[cnn-photo-caption image= http://i2.cdn.turner.com/cnn/2010/images/06/28/art.gi.byrd.jpg caption="The timing of Sen. Robert Byrd's death contributed to confusion about filling the remainder of his term."]
Washington (CNN) - West Virginia Secretary of State Natalie Tennant announced Monday afternoon that there will be no election this year to fill the remaining time in the term of the late Sen. Robert Byrd, ending hours of speculation. Tennant said the election will take place in 2012.
Byrd, 92, died early Monday. The nine term Democrat, who served for six years in the House prior to his move to the Senate, was the longest serving member ever in Congressional history.
But the timing of Sen. Robert Byrd's death contributed to confusion about filling the remainder of his term.
Under West Virginia law, Gov. Joe Manchin has the power to appoint a successor. Since Manchin, a popular two-term governor, is also a Democrat, it's expected he will name a fellow member of his party to succeed Byrd, thereby keeping Democrats' caucus in the Senate at 59 seats.
That was the easy part. Here's where it gets confusing.
West Virginia law also says that if the "unexpired term of any other office named in this section is for a period of less than two years and six months, the appointment to fill the vacancy is for the unexpired term." That means that if Byrd had died within two and a half years of the end of his term, his successor would serve out the remainder of the term.
Byrd was re-elected in 2006 and his seat was not up for re-election again until November 2012. His current term was scheduled to end on January 3, 2013, which is just a few days more than the than two and a half years dictated by West Virginia law.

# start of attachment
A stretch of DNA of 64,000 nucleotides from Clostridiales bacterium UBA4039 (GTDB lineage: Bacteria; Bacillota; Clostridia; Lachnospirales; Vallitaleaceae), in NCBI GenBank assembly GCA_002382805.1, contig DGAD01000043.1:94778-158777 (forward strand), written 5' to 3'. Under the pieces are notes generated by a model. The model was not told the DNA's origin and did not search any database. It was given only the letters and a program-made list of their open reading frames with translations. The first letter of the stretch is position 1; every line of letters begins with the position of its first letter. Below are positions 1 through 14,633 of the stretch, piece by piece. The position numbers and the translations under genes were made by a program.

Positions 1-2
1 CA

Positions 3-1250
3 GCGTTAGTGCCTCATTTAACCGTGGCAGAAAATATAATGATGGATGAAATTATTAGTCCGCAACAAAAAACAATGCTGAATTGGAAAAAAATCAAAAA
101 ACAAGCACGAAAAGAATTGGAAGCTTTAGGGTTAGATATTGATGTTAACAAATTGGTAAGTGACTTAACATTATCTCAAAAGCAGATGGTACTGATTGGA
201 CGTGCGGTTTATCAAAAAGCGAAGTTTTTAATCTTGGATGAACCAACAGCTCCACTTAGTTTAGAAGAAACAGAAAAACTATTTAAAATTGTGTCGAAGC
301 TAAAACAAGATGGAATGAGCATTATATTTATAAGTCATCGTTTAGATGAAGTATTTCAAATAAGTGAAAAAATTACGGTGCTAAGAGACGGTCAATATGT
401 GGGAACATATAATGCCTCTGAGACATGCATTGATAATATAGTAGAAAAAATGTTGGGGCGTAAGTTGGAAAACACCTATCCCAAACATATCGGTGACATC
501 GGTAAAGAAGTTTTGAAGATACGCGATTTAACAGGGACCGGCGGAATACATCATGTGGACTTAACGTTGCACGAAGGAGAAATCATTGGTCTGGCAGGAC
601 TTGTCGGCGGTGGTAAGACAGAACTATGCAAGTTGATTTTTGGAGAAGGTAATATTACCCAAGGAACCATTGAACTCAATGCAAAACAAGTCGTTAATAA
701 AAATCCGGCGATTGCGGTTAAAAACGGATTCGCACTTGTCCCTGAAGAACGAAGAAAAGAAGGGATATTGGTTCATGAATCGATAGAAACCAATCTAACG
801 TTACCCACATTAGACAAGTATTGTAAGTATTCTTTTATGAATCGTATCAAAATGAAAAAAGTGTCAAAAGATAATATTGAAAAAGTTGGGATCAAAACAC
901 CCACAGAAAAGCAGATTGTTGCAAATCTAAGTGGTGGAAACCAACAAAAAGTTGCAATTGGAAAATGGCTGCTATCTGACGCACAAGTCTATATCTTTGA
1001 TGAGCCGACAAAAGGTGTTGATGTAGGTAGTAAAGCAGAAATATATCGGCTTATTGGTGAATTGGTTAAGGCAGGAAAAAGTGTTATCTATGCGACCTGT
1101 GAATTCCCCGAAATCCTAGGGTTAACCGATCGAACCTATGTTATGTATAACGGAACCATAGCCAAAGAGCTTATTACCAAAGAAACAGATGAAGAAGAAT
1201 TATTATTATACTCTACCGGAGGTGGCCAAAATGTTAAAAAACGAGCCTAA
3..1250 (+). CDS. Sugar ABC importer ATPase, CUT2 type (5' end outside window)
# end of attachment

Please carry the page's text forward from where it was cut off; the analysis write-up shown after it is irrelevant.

The law does not clarify when a vacancy occurs. For example, is it when the death occurs, when the Senate informs the state of the vacancy, or when the governor of the state declares the seat vacant? The timing is crucial, since this upcoming Saturday, July 3, marks two and a half years until Byrd's term ends.
So the question of when the next election for Byrd's seat will take place – in 2012 when his term ends, or possibly as early as this November, was unresolved for much of Monday, until Tennant announced that the election will not be in 2010.
Late Monday afternoon Tennant clarified the situation. Citing the same section of code, she said that the law "requires the candidate to have filed during the filing period. That filing period has already passed."
The secretary of state continued, adding that "the election for the unexpired term would be the next election cycle which would take place in 2012. Candidates will be nominated in the primary and elected in the general of 2012."
Tennant also announced that two elections will be held in November 2012, one to fill the remaining two months of Byrd's term and one for the new six year term in the Senate that begins in January 2013.
Manchin told the Associated Press Monday that he will not name himself to the seat. But the governor, whose second term is up at the end of 2012, is thought to have interest in running for the Senate seat. Because of that, it's widely expected that Manchin will name a caretaker to replace Byrd.
–CNN's Mark Preston and Dugald McConnell contributed to this report
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